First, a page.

During the Civil War, John fought on the side of the south and the inevitable Union attack from the Yazoo River left and embedded cannon ball in the parlor wall of the home. Elizabeth, who was related to General Sherman, was moved to the Union side during the siege of Vicksburg so she could safely give birth to her son. Cedar Grove Hall was turned into a Union hospital, giving it further protection.
Several members of the Klein family have moved back into the house and are willing to share it with the living. The sounds of children playing, babies crying and other mysterious happenings can be found throughout the house.
3. Brown Mountain Lights, Burke and Caldwell Counties, N.C.
One of the nation’s greatest mysteries, the Brown Mountain Lights are a series of glowing orbs seen across the mountain and into the valley below. Investigators have trouble explaining their origin, but some believe the lights are the spirits of Native Americans.
2. Old Charleston Jail, Charleston, S.C.
Opened in 1802 and closed in 1939, the Old Charleston Jail was home to many infamous prisoners, including the country’s first female serial killer, Lavinia Fisher. During her execution, Lavinia addressed the crowd and said “If any of you have a message for the devil, tell me now – for I will be seeing him soon,” before jumping off the stage and hanging herself. Lavinia was buried in a Potter’s Field near the jail.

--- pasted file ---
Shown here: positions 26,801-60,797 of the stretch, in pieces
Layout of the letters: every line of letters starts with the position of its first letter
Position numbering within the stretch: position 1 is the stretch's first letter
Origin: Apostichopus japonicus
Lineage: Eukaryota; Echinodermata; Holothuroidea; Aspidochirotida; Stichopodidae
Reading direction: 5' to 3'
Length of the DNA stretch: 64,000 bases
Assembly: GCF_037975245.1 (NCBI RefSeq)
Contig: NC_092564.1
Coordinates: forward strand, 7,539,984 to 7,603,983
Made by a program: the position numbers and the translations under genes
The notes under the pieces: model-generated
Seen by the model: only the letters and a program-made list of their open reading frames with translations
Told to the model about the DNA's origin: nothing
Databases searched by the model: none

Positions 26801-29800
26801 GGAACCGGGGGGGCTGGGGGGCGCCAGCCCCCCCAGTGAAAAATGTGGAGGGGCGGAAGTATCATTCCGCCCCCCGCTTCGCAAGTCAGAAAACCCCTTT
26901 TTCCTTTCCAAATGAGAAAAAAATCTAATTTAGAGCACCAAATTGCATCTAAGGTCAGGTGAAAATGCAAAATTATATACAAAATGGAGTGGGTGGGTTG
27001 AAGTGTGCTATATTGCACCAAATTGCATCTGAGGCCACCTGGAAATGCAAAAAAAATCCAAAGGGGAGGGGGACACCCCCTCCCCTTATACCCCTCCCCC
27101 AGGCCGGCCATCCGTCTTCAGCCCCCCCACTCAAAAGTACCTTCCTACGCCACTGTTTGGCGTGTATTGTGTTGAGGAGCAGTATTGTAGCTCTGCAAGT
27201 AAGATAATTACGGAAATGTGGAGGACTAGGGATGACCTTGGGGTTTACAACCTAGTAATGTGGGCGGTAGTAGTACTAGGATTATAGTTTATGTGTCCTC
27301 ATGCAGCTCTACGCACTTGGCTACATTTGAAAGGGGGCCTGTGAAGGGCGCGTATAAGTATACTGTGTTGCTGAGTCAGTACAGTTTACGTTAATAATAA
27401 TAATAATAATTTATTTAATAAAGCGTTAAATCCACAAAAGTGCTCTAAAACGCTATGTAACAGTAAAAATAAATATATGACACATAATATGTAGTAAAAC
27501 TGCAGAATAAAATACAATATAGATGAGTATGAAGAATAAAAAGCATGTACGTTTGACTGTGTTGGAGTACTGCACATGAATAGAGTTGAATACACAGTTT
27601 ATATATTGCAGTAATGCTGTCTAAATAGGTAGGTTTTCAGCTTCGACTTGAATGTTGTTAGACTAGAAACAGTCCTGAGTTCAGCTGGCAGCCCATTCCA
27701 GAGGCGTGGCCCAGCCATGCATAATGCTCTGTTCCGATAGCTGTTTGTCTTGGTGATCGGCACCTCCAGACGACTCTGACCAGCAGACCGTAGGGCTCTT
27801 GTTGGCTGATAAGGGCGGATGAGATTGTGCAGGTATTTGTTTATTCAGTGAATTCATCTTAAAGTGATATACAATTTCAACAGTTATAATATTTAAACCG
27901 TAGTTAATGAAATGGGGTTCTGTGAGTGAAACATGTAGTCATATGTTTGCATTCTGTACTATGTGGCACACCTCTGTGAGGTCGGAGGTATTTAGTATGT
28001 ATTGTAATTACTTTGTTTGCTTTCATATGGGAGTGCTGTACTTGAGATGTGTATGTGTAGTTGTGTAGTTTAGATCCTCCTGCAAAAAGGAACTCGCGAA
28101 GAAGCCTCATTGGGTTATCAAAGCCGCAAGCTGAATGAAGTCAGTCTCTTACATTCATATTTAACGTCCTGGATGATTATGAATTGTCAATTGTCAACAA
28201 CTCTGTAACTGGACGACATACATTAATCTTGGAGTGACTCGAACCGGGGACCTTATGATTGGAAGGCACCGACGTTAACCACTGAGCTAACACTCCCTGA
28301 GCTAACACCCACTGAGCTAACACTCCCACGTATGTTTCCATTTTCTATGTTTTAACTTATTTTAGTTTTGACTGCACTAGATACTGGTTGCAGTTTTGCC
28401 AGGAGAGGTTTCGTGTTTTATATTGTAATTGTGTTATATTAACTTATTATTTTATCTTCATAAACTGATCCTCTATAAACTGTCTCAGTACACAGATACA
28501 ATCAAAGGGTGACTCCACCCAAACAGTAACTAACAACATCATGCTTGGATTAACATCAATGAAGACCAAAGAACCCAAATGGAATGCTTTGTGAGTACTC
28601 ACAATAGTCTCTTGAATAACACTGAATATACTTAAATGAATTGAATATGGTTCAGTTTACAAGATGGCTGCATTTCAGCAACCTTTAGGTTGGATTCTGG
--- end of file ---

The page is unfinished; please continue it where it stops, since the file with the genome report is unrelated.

It’s said that she, along with other deceased criminals, still haunts the building today. Apparitions, voices, misty orbs, as well as moving and disappearing objects are the norm for this spooky South Carolina location.
1. Loretta Lynn Plantation House, Hurricane Mills, Tenn.
Today, the town of Hurricane Mills is known for being the home of the “Coal Miner’s Daughter”, but the town also has a storied past that dates back to the Civil War.
On July 22, 1863, a battle took place on the land surroudning the home, resulting in the death of 19 soldiers. A couple years after the battle, local plantation owner James T. Anderson built the mansion pictured above. In 1996, Loretta and Mooney Lynn fell in love with the house and bought it.
While it may be one of the Top 10 tourist attractions in the state of Tennessee, people say it’s haunted. Loretta Lynn and her children have reportedly seen multiple ghosts inside the home. Ghosts include James T. Anderson, the ghost of a lady who died while giving birth and Civil War soldiers.